Once your grill is hot and I mean really hot, place your meat directly over the coals (hot-zone) on the hottest part of the grate. Sear for 30 seconds to 2 minutes depending on how hot your grill is, flip and repeat. Keep flipping until both sides are seared to your liking.
When flipping, move the steak to new spot as the area you just used will now be slightly cooler.
For the perfect cross hatch grill marks, place your meat directly over the coals and after 2 minutes turn your steak one quarter turn (or 45 degrees) and let it sear for one more minute.
You only need perfect sear marks on one side, the side that will be displayed. If you try for both sides, chances are you will overcook your meat. Flip and sear the second side for up to two minutes. This side may go faster so keep an eye on it.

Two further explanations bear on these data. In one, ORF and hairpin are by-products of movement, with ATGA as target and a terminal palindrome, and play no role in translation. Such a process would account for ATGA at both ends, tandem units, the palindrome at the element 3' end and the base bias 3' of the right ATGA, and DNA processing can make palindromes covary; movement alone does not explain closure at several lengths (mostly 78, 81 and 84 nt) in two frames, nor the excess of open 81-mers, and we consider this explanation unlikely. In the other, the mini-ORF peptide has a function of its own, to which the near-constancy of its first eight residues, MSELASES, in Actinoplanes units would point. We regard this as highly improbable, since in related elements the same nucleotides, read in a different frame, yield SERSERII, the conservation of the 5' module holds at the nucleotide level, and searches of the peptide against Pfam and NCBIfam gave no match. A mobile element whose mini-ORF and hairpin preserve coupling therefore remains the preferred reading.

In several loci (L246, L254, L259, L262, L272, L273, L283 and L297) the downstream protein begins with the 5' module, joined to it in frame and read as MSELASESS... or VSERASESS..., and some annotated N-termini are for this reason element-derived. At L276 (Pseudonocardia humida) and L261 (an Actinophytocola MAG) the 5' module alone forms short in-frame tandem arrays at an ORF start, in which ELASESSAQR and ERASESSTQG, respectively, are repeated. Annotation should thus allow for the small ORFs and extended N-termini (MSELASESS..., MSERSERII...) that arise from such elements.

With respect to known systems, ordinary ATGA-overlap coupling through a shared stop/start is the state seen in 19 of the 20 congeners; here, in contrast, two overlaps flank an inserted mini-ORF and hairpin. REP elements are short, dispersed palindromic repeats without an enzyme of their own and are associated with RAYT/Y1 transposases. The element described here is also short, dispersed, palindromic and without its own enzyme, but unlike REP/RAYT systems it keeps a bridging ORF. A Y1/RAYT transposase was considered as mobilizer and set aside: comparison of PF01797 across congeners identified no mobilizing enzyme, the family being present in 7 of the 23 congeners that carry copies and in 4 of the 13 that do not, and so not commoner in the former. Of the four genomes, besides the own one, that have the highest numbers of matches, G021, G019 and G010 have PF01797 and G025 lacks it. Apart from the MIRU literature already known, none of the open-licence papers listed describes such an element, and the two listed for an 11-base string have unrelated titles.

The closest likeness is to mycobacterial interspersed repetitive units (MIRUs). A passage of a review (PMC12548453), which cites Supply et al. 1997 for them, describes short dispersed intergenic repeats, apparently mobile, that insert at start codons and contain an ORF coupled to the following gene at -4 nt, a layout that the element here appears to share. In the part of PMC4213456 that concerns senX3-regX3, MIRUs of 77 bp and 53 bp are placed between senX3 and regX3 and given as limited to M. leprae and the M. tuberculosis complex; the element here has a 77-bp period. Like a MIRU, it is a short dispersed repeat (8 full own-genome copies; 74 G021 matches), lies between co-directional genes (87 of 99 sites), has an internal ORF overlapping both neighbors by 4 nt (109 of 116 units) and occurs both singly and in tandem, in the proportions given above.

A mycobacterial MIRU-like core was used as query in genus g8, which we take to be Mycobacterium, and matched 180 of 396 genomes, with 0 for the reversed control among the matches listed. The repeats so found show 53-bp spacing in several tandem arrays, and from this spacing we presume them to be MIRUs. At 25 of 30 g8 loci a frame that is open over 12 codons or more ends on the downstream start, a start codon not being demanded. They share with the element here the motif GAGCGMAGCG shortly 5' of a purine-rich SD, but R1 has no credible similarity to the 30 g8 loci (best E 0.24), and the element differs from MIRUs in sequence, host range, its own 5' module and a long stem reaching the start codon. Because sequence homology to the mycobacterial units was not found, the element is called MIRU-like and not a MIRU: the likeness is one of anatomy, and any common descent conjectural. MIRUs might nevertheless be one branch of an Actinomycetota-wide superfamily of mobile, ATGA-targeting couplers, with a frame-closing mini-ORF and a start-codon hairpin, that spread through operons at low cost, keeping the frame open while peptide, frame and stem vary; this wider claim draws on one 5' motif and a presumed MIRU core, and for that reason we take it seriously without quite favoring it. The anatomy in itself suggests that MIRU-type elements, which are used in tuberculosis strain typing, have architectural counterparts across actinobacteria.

Finish Using Indirect Heat
Once you have the perfect sear marks, move your steak off the coals and to the medium heat zone. Finish cooking until your steak is the desired doneness. This is called indirect cooking. You don’t need to flip the steak during this time.
Finish With the Lid Shut
Shut the lid and set your vents so the inside temperature will be around 350°F to finish the cook. You don’t want to waste all that wonderfully flavorful smoke your coals are creating. Shutting the lid will add flavor to your food and keep the grill hot.
Monitor for Doneness
Using a remote meat thermometer (see my review of the ThermoWorks BlueDOT™ Bluetooth Alarm Thermometer) or an instant read digital thermometer, monitor and check the temperature of the steak while it is still on the grill.
Remove the steak from the grill at about 5° before your desired temperature. 130°F for rare, 135°F medium-rare, 145°F medium, 150°F medium well and 160°F for well done.
Keep in mind that the steak will continue to cook and will raise a few degrees higher when it’s removed from the grill. If you ask the top chefs what temperature the perfect steak should be, they will all tell you it should be cooked medium rare and no more than medium. Ultimately it is up to you.